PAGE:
The Seattle Seahawks have been busy this offseason granting contract extensions, signing draft picks, and grabbing free agents like defensive tackle Kevin Williams. All the moves have been justified and are solid, but the linebacker position still needs to be addressed.
Linebackers Malcolm Smith, K.J. Wright, and Bobby Wagner are all set to become free agents in just a few years. Smith and Wright’s contracts will expire in 2015, and since the Seahawks have $7 million in cap room this year, extending K.J. Wright could be an excellent move to finish a great offseason of signings.
Smith, the Super Bowl MVP, might allow that title to go to his head when his contract expires. If so, he’ll surely try and go for a huge contract. When I look at Smith, I see a guy who was merely in the right place at the right time.
His interception returned for a touchdown in Week 17 against the St. Louis Rams was a ball thrown directly at his face. His interception that sealed the Seattle Seahawks’ NFC Championship win against the San Francisco 49ers occurred only because Richard Sherman tipped the ball to him.
The lollipop he caught for a pick in the Super Bowl was so easy that any idiot with adequate hand-eye coordination could have made the play. And as for his fumble recovery, he was again just in the right place at the right time.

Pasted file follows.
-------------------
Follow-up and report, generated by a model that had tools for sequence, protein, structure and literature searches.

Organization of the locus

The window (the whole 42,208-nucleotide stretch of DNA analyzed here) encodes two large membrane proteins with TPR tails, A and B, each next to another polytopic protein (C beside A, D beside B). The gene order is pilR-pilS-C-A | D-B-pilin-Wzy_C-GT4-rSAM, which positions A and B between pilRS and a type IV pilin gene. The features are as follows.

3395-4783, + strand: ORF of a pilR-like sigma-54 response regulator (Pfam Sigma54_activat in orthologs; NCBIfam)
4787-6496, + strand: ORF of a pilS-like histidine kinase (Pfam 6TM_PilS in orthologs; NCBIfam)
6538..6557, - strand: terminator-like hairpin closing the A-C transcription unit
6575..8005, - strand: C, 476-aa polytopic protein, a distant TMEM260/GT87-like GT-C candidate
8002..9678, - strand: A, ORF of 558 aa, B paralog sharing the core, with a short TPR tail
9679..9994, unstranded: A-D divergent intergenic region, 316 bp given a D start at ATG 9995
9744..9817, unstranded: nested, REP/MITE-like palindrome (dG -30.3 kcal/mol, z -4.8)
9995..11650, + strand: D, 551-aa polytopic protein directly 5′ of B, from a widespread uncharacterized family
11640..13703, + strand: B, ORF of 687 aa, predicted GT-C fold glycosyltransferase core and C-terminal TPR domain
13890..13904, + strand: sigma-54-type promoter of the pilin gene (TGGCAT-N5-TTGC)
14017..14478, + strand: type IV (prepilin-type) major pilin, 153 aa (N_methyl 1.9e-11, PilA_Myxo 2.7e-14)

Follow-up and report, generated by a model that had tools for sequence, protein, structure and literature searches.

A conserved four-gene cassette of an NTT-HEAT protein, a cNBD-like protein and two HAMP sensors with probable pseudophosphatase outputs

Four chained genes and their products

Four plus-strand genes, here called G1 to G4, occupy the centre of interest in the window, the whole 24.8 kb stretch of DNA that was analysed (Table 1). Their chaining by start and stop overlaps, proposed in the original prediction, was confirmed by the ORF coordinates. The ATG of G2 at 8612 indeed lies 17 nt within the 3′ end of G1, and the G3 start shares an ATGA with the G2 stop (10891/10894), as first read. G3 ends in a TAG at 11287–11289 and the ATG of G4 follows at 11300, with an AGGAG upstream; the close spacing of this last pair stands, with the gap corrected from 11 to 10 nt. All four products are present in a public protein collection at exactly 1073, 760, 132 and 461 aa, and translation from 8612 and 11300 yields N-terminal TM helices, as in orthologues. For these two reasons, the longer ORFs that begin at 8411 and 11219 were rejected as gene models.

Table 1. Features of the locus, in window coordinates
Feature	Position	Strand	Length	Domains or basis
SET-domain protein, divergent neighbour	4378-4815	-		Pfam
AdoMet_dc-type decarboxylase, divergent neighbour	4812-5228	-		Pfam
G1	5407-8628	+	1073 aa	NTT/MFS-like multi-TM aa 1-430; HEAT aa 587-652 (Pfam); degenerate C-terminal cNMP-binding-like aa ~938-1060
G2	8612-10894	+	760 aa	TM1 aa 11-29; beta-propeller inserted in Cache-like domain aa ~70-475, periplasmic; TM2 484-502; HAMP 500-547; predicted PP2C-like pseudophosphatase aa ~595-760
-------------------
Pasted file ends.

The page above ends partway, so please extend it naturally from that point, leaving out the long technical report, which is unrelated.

So I say let him go if his ego is huge at the end of his contract. K.J. Wright deserves more attention anyway.
Wright is an excellent outside linebacker in a 4-3 system. Last season he racked up 80 tackles, 1.5 sacks, and a fumble recovery. He was adept at holding the edge on running plays, and he was a lock in zone coverage. He’s a kind of unsung hero in the Seattle Seahawks defense. He just does his job, and while he may not get flashy interceptions or sacks or forced fumbles, he holds his section of the field.
His current contract has an average salary of only $631,500, and so a contract extension won’t be backbreaking financially.
I was a huge fan of Wright last season, and when he went down with his foot injury at San Francisco, I winced. Wright’s absence opens up the field for opposing passers, and running backs have better luck bouncing plays outside. With him extended, the edge of the line of scrimmage and Seattle’s pass defense will continue to be solid.